During an ultrasound examination, a liquid gel or coupling fluid is often applied on the patient over the area to be scanned. The coupling fluid is placed within the transducer membrane surrounding the transducer element. After the gel is applied, the membrane of the transducer is placed on and moved over the area being examined by a sonographer. Meanwhile, the transducer element is being mechanically rotated within the membrane of the transducer throughout the examination.

While the fluid may be necessary to ultrasound transmission, the motor can become damaged if it comes into contact with the fluid. Accordingly, the transducer housing is often designed to separate the fluid in the membrane from the motor. Nevertheless, the fluid often leaks into the housing and contacts the motor through the opening in the housing for the rotating shaft. Accordingly, what is needed is a seal that fits around the rotating shaft that prevents the fluid from reaching the motor. The seal must be small enough to fit inside the transducer, it must allow for rotation of the shaft, and it must be flexible enough to account for the natural vibrations of the rotating shaft during use, all the while preserving the integrity of the seal.

With respect to the prior art, mechanical arrangements for incorporating seals around a rotating shafts are commonly used, and such seals are used in medical devices, such as ultrasound transducers. For example, U.S. Pat. No. 4,655,462 discloses a coil spring seal which can be used around a rotating shaft to prevent leakage.

BRIEF DESCRIPTION OF THE DRAWINGS

The accompanying drawings, which are incorporated into and constitute a part of this specification, illustrate one or more embodiments and, together with the detailed description, serve to explain the principles and implementations of the invention. In the drawings:

FIG. 1 illustrates an embodiment of the invention within an ultrasound transducer.

FIG. 2 illustrates a cross-sectional view of an embodiment of the invention.

FIGS. 3A, 3B illustrate a side and corresponding top cross-sectional view of an embodiment of this invention.

DETAILED DESCRIPTION

The present invention relates to a seal for a rotating shaft. The seal for a rotating shaft exemplified herein can be preferably used as a rotary seal for use in an ultrasound transducer; however, this seal can be adapted in accordance with the teachings herein for use in other devices.

FIG. 1 illustrates an exemplary ultrasound transducer using an embodiment of the seal for a rotating shaft. The ultrasound transducer, generally numbered 100, includes a housing 102, a motor 104, a rotating shaft 106, a seal for the rotating shaft, generally numbered 108, a transducer element 110, a fluid chamber 112, a membrane 114, and a housing fluid barrier 116. The rotating shaft 106 is attached to the motor 104 on one end, extends through the seal 108, and is attached to the transducer element 110 on the other end. The rotating shaft 106 can also include or go through a mechanical motion transformer 107 to allow the rotating shaft 106 to rotate about the longitudinal axis central to the rotating shaft 106 while the transducer element 110 is rotated within the gel chamber 112 in an oscillating or fluctuating manner. The seal for the rotating shaft 108 is centrally engaged to the housing fluid barrier 116.

FIG. 2 corresponds to the embodiment of the seal 108 for the rotating shaft 106 illustrated in FIG. 1. FIG. 2 illustrates the seal 108 for the rotating shaft 106, which is embedded within the housing fluid barrier 116. The rotating shaft 106 is engaged by and extends through the seal 108. The seal 108 includes an outer annular body 200 and an inner annular body 202. The outer annular body 200 is molded about the inner annular body 202 and preferably adhered to the inner annular body 202 to form a complete, liquid tight, cohesive assembly. Thus, as shown in FIGS. 3A and 3B (which show a seal 308 having a slightly different geometry), the outer portion 304 of the inner seal 302 is encapsulated within the outer annular body 300 and the inner portion 306 of the inner seal 302 engages the rotating shaft 106 to prevent leakage around the shaft 106 during operation.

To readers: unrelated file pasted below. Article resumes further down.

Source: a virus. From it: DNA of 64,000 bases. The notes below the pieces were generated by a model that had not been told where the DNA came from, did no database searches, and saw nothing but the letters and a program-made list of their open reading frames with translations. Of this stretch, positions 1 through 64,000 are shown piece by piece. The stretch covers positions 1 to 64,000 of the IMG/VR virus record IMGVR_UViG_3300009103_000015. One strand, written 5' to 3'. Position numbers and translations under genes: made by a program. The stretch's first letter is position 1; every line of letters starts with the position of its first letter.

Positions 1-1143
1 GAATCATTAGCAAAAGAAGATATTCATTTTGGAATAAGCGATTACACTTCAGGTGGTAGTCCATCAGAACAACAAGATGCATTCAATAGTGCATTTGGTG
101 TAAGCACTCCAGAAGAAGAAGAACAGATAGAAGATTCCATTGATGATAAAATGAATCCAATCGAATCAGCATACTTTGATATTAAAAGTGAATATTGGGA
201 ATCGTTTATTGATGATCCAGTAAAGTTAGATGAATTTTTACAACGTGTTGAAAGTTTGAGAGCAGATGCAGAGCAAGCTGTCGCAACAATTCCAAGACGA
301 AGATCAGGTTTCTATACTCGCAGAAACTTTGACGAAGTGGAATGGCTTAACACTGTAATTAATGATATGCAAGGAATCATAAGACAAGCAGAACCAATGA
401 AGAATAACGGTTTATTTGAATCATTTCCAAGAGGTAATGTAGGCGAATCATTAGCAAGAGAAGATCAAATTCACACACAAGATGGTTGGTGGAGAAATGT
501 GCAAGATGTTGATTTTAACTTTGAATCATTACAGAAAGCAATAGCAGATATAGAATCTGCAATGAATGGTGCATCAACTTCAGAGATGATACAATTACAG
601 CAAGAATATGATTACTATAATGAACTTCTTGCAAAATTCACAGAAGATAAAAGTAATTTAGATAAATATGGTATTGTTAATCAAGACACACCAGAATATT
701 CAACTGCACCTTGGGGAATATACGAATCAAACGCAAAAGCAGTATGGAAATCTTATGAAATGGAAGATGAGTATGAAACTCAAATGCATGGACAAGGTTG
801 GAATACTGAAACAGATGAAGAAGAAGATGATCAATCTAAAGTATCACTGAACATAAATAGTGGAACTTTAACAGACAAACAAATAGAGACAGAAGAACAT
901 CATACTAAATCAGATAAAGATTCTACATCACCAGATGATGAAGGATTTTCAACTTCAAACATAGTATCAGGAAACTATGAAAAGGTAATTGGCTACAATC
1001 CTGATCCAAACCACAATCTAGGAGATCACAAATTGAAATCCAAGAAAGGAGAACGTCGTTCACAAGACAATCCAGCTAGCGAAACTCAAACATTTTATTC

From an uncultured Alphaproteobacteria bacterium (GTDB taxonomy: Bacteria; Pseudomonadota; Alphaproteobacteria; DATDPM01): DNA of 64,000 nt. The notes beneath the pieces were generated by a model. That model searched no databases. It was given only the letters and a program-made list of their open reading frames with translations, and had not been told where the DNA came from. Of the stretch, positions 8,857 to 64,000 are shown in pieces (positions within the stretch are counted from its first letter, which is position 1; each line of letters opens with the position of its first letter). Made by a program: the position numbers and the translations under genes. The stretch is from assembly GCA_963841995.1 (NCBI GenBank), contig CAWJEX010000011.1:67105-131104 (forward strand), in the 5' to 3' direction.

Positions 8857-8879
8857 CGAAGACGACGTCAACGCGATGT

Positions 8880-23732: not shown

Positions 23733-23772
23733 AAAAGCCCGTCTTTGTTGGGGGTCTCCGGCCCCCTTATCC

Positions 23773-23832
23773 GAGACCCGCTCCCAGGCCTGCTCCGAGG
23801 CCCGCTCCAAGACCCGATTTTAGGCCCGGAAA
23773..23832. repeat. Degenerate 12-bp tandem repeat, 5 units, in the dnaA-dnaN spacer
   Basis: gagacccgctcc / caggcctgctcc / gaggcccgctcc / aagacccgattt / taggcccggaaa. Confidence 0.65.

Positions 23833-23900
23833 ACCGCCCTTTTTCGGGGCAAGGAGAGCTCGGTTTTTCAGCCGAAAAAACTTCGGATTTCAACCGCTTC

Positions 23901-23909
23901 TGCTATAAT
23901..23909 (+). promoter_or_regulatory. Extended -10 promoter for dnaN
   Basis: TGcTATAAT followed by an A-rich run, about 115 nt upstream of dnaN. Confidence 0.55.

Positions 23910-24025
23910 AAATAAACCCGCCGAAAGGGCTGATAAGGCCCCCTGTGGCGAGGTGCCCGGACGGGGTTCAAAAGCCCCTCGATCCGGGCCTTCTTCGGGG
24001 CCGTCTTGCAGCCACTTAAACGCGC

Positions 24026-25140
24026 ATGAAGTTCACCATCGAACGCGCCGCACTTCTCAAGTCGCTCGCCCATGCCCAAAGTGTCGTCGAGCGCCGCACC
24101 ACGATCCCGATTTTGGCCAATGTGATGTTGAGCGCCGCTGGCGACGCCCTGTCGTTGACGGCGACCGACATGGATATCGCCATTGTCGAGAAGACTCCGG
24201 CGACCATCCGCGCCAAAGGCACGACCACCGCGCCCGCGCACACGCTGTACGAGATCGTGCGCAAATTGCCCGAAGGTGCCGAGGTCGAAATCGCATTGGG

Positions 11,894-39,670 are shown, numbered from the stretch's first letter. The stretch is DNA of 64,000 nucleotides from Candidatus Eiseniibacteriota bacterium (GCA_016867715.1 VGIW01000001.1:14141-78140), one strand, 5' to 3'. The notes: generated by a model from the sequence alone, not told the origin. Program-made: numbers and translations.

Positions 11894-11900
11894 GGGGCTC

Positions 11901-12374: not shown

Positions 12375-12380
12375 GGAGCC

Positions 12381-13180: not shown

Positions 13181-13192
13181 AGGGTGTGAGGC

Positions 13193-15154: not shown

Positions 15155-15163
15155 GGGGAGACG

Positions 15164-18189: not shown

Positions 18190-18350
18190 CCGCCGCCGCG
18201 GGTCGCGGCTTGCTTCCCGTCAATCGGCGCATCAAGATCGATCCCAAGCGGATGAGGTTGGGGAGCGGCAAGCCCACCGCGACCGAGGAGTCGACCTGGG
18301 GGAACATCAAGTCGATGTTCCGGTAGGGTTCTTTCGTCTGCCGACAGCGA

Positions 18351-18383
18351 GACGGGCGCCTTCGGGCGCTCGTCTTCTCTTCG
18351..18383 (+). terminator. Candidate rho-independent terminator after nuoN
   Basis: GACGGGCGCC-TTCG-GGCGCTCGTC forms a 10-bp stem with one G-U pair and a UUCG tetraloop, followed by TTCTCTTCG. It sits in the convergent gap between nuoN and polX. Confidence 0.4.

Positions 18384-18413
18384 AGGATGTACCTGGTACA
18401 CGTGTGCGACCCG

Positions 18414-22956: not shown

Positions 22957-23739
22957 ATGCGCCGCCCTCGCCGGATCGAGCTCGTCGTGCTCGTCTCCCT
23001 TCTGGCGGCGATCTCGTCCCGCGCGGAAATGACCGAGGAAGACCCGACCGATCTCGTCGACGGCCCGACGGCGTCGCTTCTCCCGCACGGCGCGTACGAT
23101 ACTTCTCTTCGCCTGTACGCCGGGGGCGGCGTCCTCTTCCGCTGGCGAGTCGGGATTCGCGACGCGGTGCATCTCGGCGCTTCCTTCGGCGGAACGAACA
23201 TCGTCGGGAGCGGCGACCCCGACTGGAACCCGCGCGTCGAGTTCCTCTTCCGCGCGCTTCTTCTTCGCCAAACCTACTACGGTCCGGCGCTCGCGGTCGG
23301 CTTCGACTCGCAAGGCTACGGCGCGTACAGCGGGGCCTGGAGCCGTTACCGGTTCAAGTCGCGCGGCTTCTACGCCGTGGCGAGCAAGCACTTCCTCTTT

In an embodiment, the outer annular body 200 is made of a material which is both rigid enough to allow the seal 108 to be inserted into an aperture within the housing fluid barrier 116 without the requirement of additional restraining devices, yet pliable enough to allow for the rotating shaft 106 engaged to the inner annular body 202 to have a limited amount of non-concentric and/or eccentric movement during operation without affecting the integrity of the seal. In an embodiment, the outer annular body 200 is made of silicone. It is envisioned that the outer annular body 200 may be made of any material consistent with the disclosure set forth above without deviating from the scope of this invention.

In an embodiment, the inner annular body 202 is made of a material that allows free rotation of the rotating shaft 106 while simultaneously providing a liquid tight seal around the rotating shaft 106. In another embodiment, the inner annular body 202 is made of Teflon or graphite or another material or composite that is self-lubricating or has a high level of lubricity. It is, however, envisioned that the inner annular body 202 may be made of any material consistent with the disclosure set forth above without deviating from the scope of this invention. Preferably the inner annular body is of solid, one-piece construction. In an embodiment, the inner annular body 202 comprises a tapered lip 206 to assist in holding the inner annular body 202 in the outer annular body 200. In yet another embodiment, the inner annular body 202 includes a wider outer edge, as compared to the inner edge of the inner annular body 202, to provide a stronger base within the outer annular body 200.

While embodiments and applications of this invention have been shown and described, it would be apparent to those skilled in the art having the benefit of this disclosure that many more modifications than mentioned above are possible without departing from the inventive concepts herein. The invention, therefore, is not to be restricted except in the spirit of the appended claims.

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Referenced by
Citing PatentFiling datePublication dateApplicantTitle
US8360982 *Dec 5, 2008Jan 29, 2013General Electric CompanyMethod and apparatus for operating a micromotor in a fluid using a moisture barrier
US20100145310 *Dec 5, 2008Jun 10, 2010Warren LeeMethod and apparatus for Operating a Micromotor in a fluid
US20100259015 *Apr 7, 2010Oct 14, 2010Lannie Laroy DietleHydrodynamic seal with improved exclusion and lubrication
Classifications
U.S. Classification600/459, 277/402, 277/607, 277/500, 277/585
International ClassificationA61B8/14
Cooperative ClassificationF16J15/3224
European ClassificationF16J15/32B5
Legal Events
DateCodeEventDescription
Dec 6, 2011ASAssignment
Free format text: ASSIGNMENT OF ASSIGNORS INTEREST;ASSIGNORS:SOLEK, ROMAN;COULTHART, DONALD;REEL/FRAME:027339/0256
Effective date: 20080721
Owner name: INTERSON CORPORATION, CALIFORNIA